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Grade
6

Sundrop licks my cheek. I giggle. “Sundrop, do you want to play?” I ask.

“Ruff.”

I take his favorite toy, the squeaky yellow duck, and toss it across the room. Sundrop turns into a small golden blur as he races after it.

“Rrrrr.” He growls. “Rrrr to you, too.” I say as I yank on the toy, playing tug of war. “C’mon, boy, lets go eat your food!” Of course, I’m not eating it. I get to the kitchen and pour some beef kibble into Sundrop’s bowl. He sniffs it, then starts eating. “Good boy.”

After he’s done eating, I yell to my mom, “Mom, we’re going to the dog park!” She shouts back, “Alright, Iris!” One of the things I got to do when I turned 13 was take walks by myself. Pathetic, as some of my friends got to do that in fifth grade, but my parents are protective.

The sky is clear, with a few fluffy clouds, the sun is shining. Grass, slightly covered in dew, shines in the sun. A cool breeze flows through the air. Really, it’s a beautiful day. The walk from my house to the park takes about ten minutes. Sundrop snuffles along, occasionally marking his territory on a lampost or tree.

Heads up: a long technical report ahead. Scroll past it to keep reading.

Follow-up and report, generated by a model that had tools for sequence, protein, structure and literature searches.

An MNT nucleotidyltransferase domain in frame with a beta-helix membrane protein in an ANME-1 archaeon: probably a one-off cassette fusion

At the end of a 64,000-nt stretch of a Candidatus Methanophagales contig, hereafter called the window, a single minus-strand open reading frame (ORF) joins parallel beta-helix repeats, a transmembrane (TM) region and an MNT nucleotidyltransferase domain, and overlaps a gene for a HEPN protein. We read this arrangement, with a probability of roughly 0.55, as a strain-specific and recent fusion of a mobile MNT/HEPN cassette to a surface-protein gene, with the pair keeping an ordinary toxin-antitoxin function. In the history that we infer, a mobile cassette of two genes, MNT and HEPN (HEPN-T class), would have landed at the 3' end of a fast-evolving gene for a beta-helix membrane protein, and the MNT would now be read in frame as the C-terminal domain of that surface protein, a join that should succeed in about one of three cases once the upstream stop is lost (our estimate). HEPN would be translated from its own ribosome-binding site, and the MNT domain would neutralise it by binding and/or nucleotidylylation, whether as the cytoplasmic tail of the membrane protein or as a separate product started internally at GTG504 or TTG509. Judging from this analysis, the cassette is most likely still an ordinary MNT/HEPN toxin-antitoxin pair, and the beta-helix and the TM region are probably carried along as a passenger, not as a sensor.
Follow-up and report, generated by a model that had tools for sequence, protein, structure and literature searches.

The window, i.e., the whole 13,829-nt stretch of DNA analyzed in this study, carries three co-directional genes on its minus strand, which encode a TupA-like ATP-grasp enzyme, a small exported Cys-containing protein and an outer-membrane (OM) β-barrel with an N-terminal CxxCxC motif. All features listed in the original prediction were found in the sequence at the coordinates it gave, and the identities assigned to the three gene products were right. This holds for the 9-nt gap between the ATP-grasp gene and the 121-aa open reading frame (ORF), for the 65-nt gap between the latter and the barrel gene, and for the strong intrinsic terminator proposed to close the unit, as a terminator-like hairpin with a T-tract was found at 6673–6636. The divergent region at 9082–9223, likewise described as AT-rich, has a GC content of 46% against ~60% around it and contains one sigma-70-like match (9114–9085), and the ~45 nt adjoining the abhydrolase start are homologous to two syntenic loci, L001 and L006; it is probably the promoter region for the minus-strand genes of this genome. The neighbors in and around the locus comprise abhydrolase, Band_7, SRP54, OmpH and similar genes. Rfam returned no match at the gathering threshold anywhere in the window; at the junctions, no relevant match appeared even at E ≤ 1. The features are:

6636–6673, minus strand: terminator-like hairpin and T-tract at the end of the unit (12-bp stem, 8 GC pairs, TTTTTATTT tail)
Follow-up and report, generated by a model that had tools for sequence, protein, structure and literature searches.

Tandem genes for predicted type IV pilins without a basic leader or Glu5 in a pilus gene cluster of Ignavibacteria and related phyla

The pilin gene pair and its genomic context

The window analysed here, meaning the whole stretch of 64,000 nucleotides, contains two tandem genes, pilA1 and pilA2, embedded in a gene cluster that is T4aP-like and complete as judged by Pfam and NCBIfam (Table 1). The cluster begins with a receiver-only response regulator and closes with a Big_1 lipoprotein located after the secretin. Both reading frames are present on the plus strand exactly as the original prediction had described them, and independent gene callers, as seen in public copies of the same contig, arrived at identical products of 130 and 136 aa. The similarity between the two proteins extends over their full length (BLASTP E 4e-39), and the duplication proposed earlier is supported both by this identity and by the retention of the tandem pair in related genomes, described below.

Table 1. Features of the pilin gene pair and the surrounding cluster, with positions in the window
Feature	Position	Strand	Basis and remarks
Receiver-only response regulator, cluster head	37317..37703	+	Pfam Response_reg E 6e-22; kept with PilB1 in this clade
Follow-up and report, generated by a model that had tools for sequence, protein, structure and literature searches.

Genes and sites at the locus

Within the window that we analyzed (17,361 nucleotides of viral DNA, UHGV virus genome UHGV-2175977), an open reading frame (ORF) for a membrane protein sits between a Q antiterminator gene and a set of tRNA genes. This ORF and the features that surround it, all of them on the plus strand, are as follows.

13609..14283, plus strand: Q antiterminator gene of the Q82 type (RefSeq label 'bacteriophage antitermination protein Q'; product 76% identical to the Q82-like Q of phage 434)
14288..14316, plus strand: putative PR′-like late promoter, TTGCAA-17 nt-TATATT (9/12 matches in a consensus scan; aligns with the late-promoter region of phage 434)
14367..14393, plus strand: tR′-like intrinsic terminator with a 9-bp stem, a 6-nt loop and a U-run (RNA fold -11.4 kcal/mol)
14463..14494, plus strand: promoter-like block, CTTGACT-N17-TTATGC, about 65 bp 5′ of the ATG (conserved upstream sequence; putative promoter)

No one’s at the dog park when we get there. Well, there are the people at the park but not the dog park. In fact, there seems to be a barbeque or something of the sort going on. I open the book I brought, take off Sundrop’s leash, and throw the tennis ball. He races after it.

“Ruff!” He demands, wanting to play more. “Oh, fine, silly.” I say, and toss the ball. I check my watch, out of habit. 9:33 a.m.

We do this for a few rounds, but then I can tell Sundrop is getting tired. So we just sit there, Sundrop panting, me reading. He walks off after a while. Five minutes pass. Ten minutes pass. I put my book down. Where’s Sundrop? I think.

“Sundrop! Sundrop, boy, come here!” I call. “SUNDROP! SUUUUNNNNNDRRROOOPPPP!!!” Some people are staring at me, from the far away barbeque. I ignore them. I start to panic. Where is he? My precious little golden mutt, where is he? My legs get that panicky feeling that I get when I’m anxious. “SUNDROP!!!!!!!!!! BOY! WHERE ARE YOU? COME HEEREEE! SUNDROP!” No……..! Sundrop, the little drop of sun, the one who cheers me up, keeps me company, where is he?

He’s just on the far side of the run. You’ll find him there. I assure myself. I calm down a little, taking off into a sprint to the other side of the dog run, where, or so I tell myself, I’ll find precious Sundrop. My head turns swiftly side to side in search of my golden drop of sun. I barely avoid crashing into the fence at the other end. My knees fail me, knocking together as I realize the truth. Sundrop, the dog I value priceless, the light in my world that keeps me going, my little pooch. He is gone.